Norwegian Refugee Council - History


-1990, Norway: after Eva Dunlop, Trygve Nordby becomes NRC’s general-secretary. Before he leaves the room to Gunnar Andersen in 1994-1995, he decides to extend the organisation’s activities to internally displaced persons, and not only refugees who crossed an international border.
-1991, Norway: as a result of the Gulf War and the humanitarian crisis in Kurdistan in Iraq, NRC establishes an emergency preparedness force, NORSTAFF, for the United Nations. Financed by the Norwegian Ministry of Foreign Affairs, this roster consists of 300 women and men, ready on 72-hours' notice to be deployed anywhere in the world to assist in relief operations. Later, a NORDEM and NORAFRIC rosters are also established. The first one observes elections, monitors crisis and investigates human rights violations; the second one provides African personnel that represent the most-requested professional categories of local humanitarian workers.
-From 1992, ex-Yugoslavia: on the demand of the Norwegian Ministry of Foreign Affairs, NRC begins to work in Bosnia-Herzegovina, a country where it supervises food aid supplies and which takes up half of its budget and missions in 1995. Later on, the organisation extends its operations to Croatia, Serbia and Kosovo. In Serbia, it provides legal assistance to refugees from 1997 onwards. In Kosovo, amongst other things, it builds houses in co-operation with KFOR (Kosovo Force), the NATO’s (North Atlantic Treaty Organisation) troops sent in the region after the bombing and the eviction of the Yugoslav army of the nationalist Serb regime of Slobodan Milosevic in 1999. One NRC employee dies in Macedonia in 2001.
-1993, Mozambique: following the peace agreement signed in Rome in December 1992 by the FRELIMO (Frente de Libertação de Mozambique) government and the RENAMO (Resistência Nacional Mozambicana) guerrilla, NRC funds and sets up in February 1993 a short-lived NGO coordination body, LINK. The objective is to organise reconstruction programmes with the UN, improve relations with the FRELIMO government and avoid the duplication of projects, especially the establishment of parallel structures in RENAMO areas. Yet authors like Sam Barnes notice that NGOs fail to coordinate their activities and deliberately avoid working with corrupt authorities.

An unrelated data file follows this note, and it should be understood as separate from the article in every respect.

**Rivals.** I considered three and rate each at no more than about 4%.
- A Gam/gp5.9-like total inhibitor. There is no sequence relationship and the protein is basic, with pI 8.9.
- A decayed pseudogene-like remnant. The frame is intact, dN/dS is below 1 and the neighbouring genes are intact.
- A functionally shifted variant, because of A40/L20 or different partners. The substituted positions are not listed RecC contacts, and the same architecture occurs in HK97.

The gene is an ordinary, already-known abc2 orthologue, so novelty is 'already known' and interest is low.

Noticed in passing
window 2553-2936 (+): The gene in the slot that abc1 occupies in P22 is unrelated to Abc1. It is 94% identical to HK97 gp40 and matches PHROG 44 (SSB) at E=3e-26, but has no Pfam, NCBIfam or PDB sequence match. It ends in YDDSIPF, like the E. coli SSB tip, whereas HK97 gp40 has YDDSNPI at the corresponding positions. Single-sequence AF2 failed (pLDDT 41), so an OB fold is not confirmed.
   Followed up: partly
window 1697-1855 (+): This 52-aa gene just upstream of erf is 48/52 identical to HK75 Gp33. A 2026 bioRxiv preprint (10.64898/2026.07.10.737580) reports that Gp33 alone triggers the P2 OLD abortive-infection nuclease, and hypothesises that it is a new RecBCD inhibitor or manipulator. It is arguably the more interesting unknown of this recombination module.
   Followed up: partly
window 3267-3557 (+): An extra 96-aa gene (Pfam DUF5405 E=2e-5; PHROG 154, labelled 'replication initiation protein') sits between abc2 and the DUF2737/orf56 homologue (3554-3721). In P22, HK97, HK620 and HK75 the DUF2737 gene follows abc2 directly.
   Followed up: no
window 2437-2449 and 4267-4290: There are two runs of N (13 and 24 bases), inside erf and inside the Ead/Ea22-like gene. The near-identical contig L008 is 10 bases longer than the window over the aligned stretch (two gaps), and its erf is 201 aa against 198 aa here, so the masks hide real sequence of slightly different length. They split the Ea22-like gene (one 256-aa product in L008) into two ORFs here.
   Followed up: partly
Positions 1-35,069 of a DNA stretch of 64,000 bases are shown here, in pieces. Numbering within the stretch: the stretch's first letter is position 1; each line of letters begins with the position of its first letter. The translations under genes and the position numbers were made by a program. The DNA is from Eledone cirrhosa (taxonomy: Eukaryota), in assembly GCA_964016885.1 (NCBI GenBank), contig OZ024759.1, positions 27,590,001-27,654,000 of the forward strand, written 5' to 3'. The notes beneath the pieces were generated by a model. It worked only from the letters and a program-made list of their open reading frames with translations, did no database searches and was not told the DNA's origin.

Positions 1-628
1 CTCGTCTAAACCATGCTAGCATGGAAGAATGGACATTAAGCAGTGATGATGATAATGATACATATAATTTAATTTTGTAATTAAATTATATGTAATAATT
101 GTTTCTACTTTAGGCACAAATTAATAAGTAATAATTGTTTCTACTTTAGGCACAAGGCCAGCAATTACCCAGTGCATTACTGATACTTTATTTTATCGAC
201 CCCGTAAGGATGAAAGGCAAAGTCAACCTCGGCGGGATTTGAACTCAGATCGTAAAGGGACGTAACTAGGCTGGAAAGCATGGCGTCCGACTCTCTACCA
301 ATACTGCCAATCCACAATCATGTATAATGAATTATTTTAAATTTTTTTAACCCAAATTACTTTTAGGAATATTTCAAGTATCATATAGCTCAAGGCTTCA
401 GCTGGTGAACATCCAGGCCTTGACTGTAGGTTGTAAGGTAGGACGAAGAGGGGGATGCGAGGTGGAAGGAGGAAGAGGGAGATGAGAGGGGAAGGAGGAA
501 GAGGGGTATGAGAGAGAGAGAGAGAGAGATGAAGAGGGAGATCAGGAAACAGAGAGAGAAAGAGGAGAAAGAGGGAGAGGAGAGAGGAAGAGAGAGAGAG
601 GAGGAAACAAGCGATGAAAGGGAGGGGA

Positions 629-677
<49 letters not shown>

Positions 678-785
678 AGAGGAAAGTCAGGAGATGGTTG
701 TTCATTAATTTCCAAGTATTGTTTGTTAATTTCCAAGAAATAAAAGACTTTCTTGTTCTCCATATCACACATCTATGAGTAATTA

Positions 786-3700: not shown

-From 1994, Georgia: NRC intervenes to help the victims of a conflict which killed over a thousand people when South Ossetia tried to get independent in 1990. The organisation also supports the official peace negotiations that are mediated by Russia and the OSCE (Organisation for Security and Cooperation in Europe) from 1995 onwards. Sponsored by the Norwegian government, several workshops are organised in Oslo, Massachusetts and Barcelona between high-level Georgians and South Ossetians. But the project does no settle the issue and is terminated in 2000 due to a lack of funding. The situation compels NRC to go back to humanitarian programmes in favour of Chechen refugees. For the Georgian displaced people who ran away from Abkhazia and South Ossetia in 1991-1993, NRC builds some forty houses in 2003 and thirty others in 2005 on communal land bought to the city of Kutaisi or the regional government of Samegrelo.
-March 1997, Norway: NRC becomes a non-profit humanitarian foundation grouping 16 NGOs. This new status enables it to benefit from fiscal exemptions. But, as the Norwegian legislation is stricter for foundations than for charities, it also compels NRC to be accountable to the County Governor of Oslo and get his approval at the end of every financial year.
-1998-2008, Georgia: in Tskhinvali, the capital city of South Ossetia, NRC opens in 1998 an office to help the victims of the struggle for independence in 1990. But its projects fail to achieve their ends, unlike similar programmes in Abkhazia, another secessionist region. South Ossetia is very corrupt and houses built for returnees are used as holiday resorts by displaced people who stayed in Georgia and who can easily cross the “border”. Moreover, NRC offices in Tskhinvali are attacked by the local secret services and armed robbers. Under the pressure of the Norwegian government, which does not want to annoy Tbilisi, they must eventually close when the fighting resume in August 2008. In any case, South Ossetia, which proclaims its independence with the support of Moscow, now refuses to accept aid coming from Georgia and tries to compel all humanitarian organisations to work from Russia.
-1999, Norway : NRC starts to develop a data base on internally displaced people throughout the world.